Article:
Article Tools

Already the companies are positioning themselves to avoid responsibility. There is no level too low, remember Exxon Valdez.

In horror movies, when some person enters a dark room and turns on the lights, thousands of roaches’ dash for the cover of darkness and hide in the shadows hoping to avoid discovery.  Ironically, while watching the hearings on what happened, and who was ultimately responsible for the largest oil spill in America, my mind wandered to that scene in the horror movie.  The audacious behavior of the executives of the various companies involved in the day-to-day running and construction of the Deep-water oil rig and their rehearsed speeches of how their company, was the only company that was completely within or exceeding government regulations was sickening.  The survivors on the rig were given urine testing, instead of help and consolation in their hour of need.  The companies involved were looking for a scapegoat, right from the moment of the accident!

 

The president can fire various government officials as a symbol, he wants to resolve this problem, and never again allow such a situation exist.  In the eyes of the American public, it is a dog and pony show!  Companies around the world are doing deep water drilling, and the truth is out, no one knows how to stop a blowout when it is a mile under the sea.  To make matters worse the government has allowed BP to use dispersants in quantities never before tried.  Exxon Valdez used dispersants, and people have died, and are still dying twenty years later, from cancers related to direct or indirect contact with oil dispersants, and use on a much smaller scale.

 

There needs to be an immediate halt to deep water drilling until proven safety measures have been invented to handle the unthinkable, another blowout.  There also needs to be some action taken by our legislature to circumvent the Bush Supreme Court, who in their infinite wisdom excused the punitive damages owed to the people of Prince William Sound.  These big oil companies have hundreds of lawyers on retainer, who at this very minute are exploring ways not to pay for the damage done.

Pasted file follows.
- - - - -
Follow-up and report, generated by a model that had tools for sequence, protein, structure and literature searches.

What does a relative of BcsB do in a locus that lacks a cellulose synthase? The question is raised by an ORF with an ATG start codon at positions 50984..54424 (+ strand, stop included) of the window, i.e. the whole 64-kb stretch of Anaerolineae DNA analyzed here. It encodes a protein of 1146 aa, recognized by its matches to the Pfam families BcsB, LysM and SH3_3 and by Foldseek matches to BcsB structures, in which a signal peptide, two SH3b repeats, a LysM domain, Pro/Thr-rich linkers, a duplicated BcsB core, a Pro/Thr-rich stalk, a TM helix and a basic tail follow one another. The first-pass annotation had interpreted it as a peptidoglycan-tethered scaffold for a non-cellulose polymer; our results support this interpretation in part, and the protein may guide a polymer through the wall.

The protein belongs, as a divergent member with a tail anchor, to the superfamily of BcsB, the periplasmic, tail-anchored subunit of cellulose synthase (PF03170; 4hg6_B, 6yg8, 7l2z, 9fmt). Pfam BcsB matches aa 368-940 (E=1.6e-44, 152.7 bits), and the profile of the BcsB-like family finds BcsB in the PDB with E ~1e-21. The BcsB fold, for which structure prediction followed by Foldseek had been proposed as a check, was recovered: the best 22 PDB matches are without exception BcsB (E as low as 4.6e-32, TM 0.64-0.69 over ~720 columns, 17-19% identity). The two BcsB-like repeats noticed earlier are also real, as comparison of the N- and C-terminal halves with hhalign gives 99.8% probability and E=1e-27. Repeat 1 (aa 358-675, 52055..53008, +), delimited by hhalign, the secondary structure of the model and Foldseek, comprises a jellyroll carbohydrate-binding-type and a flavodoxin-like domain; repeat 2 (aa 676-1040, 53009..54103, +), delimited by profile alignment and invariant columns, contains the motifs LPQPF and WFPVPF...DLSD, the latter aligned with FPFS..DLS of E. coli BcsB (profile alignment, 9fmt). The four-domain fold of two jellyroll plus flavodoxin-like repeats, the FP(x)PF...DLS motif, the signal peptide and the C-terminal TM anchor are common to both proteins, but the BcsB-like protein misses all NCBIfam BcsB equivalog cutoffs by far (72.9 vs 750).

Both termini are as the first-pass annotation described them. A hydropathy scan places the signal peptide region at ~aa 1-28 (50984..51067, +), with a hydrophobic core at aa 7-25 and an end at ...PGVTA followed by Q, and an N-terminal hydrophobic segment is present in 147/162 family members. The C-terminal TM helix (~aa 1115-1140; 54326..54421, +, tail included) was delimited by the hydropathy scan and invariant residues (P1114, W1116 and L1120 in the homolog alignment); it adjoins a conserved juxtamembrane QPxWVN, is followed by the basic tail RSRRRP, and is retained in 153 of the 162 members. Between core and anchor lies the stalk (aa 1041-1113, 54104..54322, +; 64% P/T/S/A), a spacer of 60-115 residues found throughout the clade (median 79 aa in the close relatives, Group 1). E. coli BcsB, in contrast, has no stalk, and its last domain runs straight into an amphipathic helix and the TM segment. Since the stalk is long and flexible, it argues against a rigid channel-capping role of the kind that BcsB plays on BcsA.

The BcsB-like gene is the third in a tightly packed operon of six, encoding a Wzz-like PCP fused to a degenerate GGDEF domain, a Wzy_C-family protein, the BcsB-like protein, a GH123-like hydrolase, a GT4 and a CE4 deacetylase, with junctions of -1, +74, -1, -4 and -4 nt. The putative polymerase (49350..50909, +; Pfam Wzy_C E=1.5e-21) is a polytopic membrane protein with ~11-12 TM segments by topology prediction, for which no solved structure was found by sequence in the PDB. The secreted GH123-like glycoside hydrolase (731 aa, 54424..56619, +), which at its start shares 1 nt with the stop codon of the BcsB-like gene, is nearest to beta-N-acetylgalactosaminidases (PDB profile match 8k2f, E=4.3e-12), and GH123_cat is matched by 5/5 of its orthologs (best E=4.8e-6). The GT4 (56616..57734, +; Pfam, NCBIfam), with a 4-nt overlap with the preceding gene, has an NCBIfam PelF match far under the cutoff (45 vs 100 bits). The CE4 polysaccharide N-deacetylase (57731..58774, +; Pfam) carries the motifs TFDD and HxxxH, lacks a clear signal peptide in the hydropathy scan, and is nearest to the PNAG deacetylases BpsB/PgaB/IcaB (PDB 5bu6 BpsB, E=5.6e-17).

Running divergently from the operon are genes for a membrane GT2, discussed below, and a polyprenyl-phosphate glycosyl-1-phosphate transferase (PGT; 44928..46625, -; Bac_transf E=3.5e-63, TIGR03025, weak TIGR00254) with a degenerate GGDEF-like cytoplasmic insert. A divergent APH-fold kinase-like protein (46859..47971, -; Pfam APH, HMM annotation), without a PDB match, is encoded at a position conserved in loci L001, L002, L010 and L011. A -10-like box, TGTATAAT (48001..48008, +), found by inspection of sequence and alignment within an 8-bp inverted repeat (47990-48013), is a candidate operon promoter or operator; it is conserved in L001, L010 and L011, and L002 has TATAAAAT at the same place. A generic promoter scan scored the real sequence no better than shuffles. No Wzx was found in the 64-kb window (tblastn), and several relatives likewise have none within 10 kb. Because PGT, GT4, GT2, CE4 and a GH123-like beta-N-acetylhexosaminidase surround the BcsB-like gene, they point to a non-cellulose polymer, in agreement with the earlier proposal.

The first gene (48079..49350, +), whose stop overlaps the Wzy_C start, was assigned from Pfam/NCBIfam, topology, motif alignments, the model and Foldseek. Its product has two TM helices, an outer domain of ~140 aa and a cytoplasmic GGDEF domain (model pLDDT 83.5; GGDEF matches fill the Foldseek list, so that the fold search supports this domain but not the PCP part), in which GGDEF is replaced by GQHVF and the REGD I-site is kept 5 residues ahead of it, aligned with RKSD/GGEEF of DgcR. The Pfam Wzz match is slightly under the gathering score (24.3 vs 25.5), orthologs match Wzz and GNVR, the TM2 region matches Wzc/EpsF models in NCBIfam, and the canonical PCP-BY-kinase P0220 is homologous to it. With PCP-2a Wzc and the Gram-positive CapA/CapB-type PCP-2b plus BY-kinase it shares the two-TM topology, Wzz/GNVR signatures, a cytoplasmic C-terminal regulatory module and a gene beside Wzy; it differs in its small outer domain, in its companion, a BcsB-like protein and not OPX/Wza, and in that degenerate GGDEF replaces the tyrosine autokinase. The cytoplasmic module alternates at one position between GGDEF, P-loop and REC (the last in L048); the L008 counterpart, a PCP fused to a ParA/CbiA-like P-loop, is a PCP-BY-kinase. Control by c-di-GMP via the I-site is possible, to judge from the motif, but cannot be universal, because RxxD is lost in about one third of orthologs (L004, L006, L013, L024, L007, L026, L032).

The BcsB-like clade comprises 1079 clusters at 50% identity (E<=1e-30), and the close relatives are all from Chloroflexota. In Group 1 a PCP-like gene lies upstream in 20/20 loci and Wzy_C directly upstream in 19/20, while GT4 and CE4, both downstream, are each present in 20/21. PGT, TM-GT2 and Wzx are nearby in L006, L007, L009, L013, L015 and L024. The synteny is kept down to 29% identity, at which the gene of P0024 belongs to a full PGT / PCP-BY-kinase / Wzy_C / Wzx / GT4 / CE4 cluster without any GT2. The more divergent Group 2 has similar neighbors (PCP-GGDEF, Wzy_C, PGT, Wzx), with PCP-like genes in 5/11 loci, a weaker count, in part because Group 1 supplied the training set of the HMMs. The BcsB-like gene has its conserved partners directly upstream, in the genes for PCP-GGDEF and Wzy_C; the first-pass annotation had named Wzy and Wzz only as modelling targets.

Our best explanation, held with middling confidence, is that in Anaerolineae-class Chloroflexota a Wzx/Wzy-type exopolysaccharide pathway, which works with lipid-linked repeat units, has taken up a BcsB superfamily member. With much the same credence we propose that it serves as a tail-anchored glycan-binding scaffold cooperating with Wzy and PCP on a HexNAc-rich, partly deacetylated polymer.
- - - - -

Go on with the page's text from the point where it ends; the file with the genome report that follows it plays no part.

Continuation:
Remember Exxon Valdez, although Exxon spent some months cleaning up the spill, in as cheap a manor as would look good for world news cameras, they ultimately never cleaned up their spill.  Remember, Exxon spent almost twenty years appealing against the five billion dollar punitive damage suit.  They did so by spending a half a billion dollars in legal fees to keep their appeals going until the US Supreme Court, comprised primarily of President Bush appointees, reduced the punitive damage to a half a million dollars, down from five billion dollars leveled against them at the first trial.  The fishing companies and tourist companies put out of business from the spill, were certainly not made whole again.  Exxon, the richest corporation in the world, who could have paid the five billion and not at any time felt a dent in their profits, instead fought every inch of the way to pay next to nothing, and the Prince William Sound after twenty years, is still polluted with crude oil.

 

Remember the hard lessons learned from the Exxon Valdez experience, and petition our legislators not to let such a travesty happen again.  The president can give speeches until he is blue in the face.  What we need is hard and fast laws that protect the American people from the corporate “Rope-a-dope.”  Companies using their lawyers to avoid paying the billions of dollars, and avoiding the commitment of the necessary amount of years it will take to make the Gulf Coast viable again.  The oil companies are as slippery as their product.  Our leaders must hold their feet to the fire.  No appeals, just action and more action must be the verdict.  If they do not like their responsibilities, then shut them down and divide their assets to aid the cleaning effort.  “All the king’s men can never put HUMPTY DUMPTY together again.”  There will be destruction on a scale that will be unimaginable, changing forever life on the coast, and how do you put a price on such devastation?